When most people hear that a convicted defendant is sentenced to 189 months in jail, they assume the defendant has to serve the entire 189 months. A recent Minnesota Supreme Court decision has shown otherwise. We picked this case for this week’s blog because it dispels a lot of notions many may understandably have – the notion that, when convicted, you serve the entire term you’re given.
In State v. Leathers, the Minnesota Supreme Court had to determine whether the phrase “full term of imprisonment,” did in fact mean that a defendant convicted of first-degree assault would be required to serve the entire sentenced term or whether it meant he would have to serve just two-thirds of the executed sentence in prison.
The phrase “full term of imprisonment,” of course, caused some problems in this case. For those that deal with sentences, plea negotiations, and “good time” we expect that those being sentenced will typically serve two thirds (2/3) of the sentence. The remaining “good time” would be monitored by probation.
In this case, Steven Leathers was convicted of five counts of first-degree assault against a peace officer arising from an incident involving five law enforcement officers. He was sentenced to a total of 189 months in prison with eligibility for supervised release after 126 months.
Supervised release is when the offender is released from prison, but is still supervised by a probation officers. The offender must report regularly to his or her officer and will sometimes require permission to leave a certain geographic area.
Both sides appealed, with the State claiming that the district court erred when it ruled Mr. Leathers would be eligible for release after serving just two-thirds of his sentence. Mr. Leathers appealed the conviction altogether (obviously).
The Minnesota Court of Appeals upheld the conviction, but also held that Mr. Leathers would not be eligible for supervised release and would in fact have to serve the entire 189 months. This is because section 609.221 specifies that the defendant must serve the “full term of imprisonment.” However, upon review, the Minnesota Supreme Court reversed the court of appeals’ sentencing verdict, holding that Mr. Leathers would in fact be eligible for supervised release after he served two-thirds of his prison sentence (as many Criminal Defense Attorney’s would expect).
So why doesn’t he have to serve all 189 months despite the “full term of imprisonment” language? This case falls completely to statutory interpretation. Because the court is dealing with an ambiguous criminal statute, the ambiguity should be resolved in the defendant’s favor. But to do so, the court has to use statutes to define “full term of imprisonment.”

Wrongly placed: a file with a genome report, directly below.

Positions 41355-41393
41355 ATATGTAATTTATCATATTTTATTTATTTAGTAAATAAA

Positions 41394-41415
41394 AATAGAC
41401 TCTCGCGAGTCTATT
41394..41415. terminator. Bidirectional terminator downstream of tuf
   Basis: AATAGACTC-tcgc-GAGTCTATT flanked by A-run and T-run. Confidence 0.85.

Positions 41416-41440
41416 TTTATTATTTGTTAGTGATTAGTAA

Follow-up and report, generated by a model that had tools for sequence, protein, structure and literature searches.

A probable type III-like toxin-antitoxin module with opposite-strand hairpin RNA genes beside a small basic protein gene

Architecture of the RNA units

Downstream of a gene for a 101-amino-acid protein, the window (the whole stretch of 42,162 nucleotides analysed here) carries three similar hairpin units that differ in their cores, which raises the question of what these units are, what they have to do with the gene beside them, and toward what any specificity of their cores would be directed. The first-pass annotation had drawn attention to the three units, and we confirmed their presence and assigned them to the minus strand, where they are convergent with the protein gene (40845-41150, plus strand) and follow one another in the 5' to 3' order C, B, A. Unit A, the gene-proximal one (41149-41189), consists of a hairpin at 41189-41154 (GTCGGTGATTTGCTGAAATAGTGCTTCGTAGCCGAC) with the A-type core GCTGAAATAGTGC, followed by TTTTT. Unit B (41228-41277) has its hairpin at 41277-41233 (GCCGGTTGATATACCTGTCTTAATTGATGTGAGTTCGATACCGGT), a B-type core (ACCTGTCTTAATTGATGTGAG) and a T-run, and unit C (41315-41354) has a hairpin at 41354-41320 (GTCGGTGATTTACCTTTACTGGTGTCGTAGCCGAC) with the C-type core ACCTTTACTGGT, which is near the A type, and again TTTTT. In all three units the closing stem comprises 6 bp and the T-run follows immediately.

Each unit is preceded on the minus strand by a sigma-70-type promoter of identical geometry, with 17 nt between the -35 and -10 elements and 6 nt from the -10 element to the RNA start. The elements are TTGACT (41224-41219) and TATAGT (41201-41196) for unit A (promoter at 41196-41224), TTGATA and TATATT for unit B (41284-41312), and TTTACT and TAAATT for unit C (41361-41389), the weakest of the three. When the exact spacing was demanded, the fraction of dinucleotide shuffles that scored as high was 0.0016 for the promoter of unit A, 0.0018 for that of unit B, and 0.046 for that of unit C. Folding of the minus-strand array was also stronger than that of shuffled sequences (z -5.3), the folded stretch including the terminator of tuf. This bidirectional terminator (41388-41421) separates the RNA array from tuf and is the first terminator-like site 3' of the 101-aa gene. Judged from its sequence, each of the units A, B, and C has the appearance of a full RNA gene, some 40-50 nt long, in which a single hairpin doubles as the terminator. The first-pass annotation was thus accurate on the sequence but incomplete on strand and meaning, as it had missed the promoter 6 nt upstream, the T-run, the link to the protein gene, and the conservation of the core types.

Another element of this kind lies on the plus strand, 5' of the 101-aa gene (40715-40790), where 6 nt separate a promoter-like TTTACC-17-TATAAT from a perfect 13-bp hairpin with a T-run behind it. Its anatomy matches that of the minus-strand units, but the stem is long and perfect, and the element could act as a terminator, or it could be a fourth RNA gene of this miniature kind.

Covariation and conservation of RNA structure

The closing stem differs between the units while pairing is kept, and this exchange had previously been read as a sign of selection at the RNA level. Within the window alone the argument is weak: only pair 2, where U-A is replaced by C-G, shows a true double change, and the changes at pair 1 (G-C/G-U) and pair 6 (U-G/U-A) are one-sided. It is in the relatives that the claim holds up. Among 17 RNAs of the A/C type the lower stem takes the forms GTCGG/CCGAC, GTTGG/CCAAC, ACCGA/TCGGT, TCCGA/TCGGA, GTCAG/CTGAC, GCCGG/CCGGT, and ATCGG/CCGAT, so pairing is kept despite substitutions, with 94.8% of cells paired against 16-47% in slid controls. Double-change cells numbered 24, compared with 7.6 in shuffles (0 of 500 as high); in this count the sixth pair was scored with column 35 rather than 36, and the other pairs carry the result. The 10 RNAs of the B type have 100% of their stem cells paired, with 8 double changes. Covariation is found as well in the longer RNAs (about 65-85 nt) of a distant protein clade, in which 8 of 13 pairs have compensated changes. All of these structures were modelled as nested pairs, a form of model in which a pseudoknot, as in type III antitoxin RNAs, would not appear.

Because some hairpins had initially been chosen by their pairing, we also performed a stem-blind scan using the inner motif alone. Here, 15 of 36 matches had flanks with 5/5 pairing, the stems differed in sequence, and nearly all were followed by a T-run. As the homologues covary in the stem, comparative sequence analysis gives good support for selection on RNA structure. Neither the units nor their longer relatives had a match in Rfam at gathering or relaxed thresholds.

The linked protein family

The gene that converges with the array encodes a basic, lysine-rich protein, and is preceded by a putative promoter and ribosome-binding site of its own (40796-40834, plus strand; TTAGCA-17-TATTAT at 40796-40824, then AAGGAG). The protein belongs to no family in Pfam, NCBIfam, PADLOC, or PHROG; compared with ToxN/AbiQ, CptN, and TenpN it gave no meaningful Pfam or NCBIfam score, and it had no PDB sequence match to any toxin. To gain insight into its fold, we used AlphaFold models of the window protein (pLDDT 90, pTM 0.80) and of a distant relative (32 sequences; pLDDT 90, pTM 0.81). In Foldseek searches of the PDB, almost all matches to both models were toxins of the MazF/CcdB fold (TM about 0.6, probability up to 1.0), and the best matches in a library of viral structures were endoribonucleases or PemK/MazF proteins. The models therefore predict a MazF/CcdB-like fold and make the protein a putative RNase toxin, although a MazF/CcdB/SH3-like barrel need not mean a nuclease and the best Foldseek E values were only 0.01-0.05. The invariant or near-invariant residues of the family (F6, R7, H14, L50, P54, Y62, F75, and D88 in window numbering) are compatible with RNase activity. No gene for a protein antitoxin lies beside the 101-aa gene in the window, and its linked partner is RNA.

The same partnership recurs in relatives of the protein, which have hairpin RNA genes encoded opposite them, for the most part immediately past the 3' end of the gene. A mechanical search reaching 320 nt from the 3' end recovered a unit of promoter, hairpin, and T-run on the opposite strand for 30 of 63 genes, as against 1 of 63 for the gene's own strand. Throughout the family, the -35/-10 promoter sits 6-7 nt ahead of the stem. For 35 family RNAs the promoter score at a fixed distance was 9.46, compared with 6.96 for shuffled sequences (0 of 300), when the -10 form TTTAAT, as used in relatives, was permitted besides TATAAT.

At first glance, the court says that the statute governing first-degree assault, § 609.221, makes Mr. Leathers ineligible for supervised release. However, the statute does not directly define the key phrase “full term of imprisonment,” and in fact states that Mr. Leathers would not be eligible for release until after his “full term of imprisonment”. Therefore, it is essential that the court define this term to decide at what point is his full term of imprisonment complete.
The court looks to section 244.01 because chapter 244 deals with criminal sentences, whereas chapter 609 deals more with the actual criminal offense itself. The court concludes that because these statutes share a common purpose and subject matter, they may be interpreted together. Section 244.01 states that Mr. Leathers’ executed sentence must contain two parts: “a specified minimum term of imprisonment that is equal to two-thirds of the executed sentence, and a specified maximum supervised release term that is equal to one-third of the executed sentence.” In Mr. Leathers’ case, this means he would be eligible for supervised release after 126 months, assuming he had no disciplinary violations.
Because of section 244.01 and the ambiguity of section 609.221, the Minnesota Supreme Court held that Mr. Leathers is eligible for supervised release after he has served two-thirds of his sentence, just 126 of the total 189 months.
In our opinion, a main concern of the court’s when making their decision was that the legislature wrote the laws so that convicted defendants were given a chance to diminish their sentence a little if they just behaved themselves. The court here wrote that interpreting the term “full term of imprisonment” to mean that an offender must actually serve his entire prison sentence would directly contradict the meaning of section 244.101. As a rule, courts tend to shy away from holdings that contradict statutes (avoiding contradictions tends to make life easier for all of us).
In our humble opinion, we think the court got it right. This case shows us that even when given a long prison sentence for doing something stupid, there’s hope of getting out early if you just behave.
Please remember that the interpretation and analysis presented here is not intended to be legal advice. If you are seeking legal advice please contact us for a free consultation and actual examination of the issues that your case may present.
By: Kari Wilberg
Landon J. Ascheman, Esq.
(B) 612.217.0077 (C) 651.280.9533 (F) 651.344.0700
Sat, August 27, 2011 @ 4:39 AM
Your Email/URL (Optional):
Comment Guidelines: No HTML is allowed. Off-topic or inappropriate comments will be edited or deleted. Thanks.
©2019 Ascheman Law | 612-217-0077. Website Design by Lift Creative.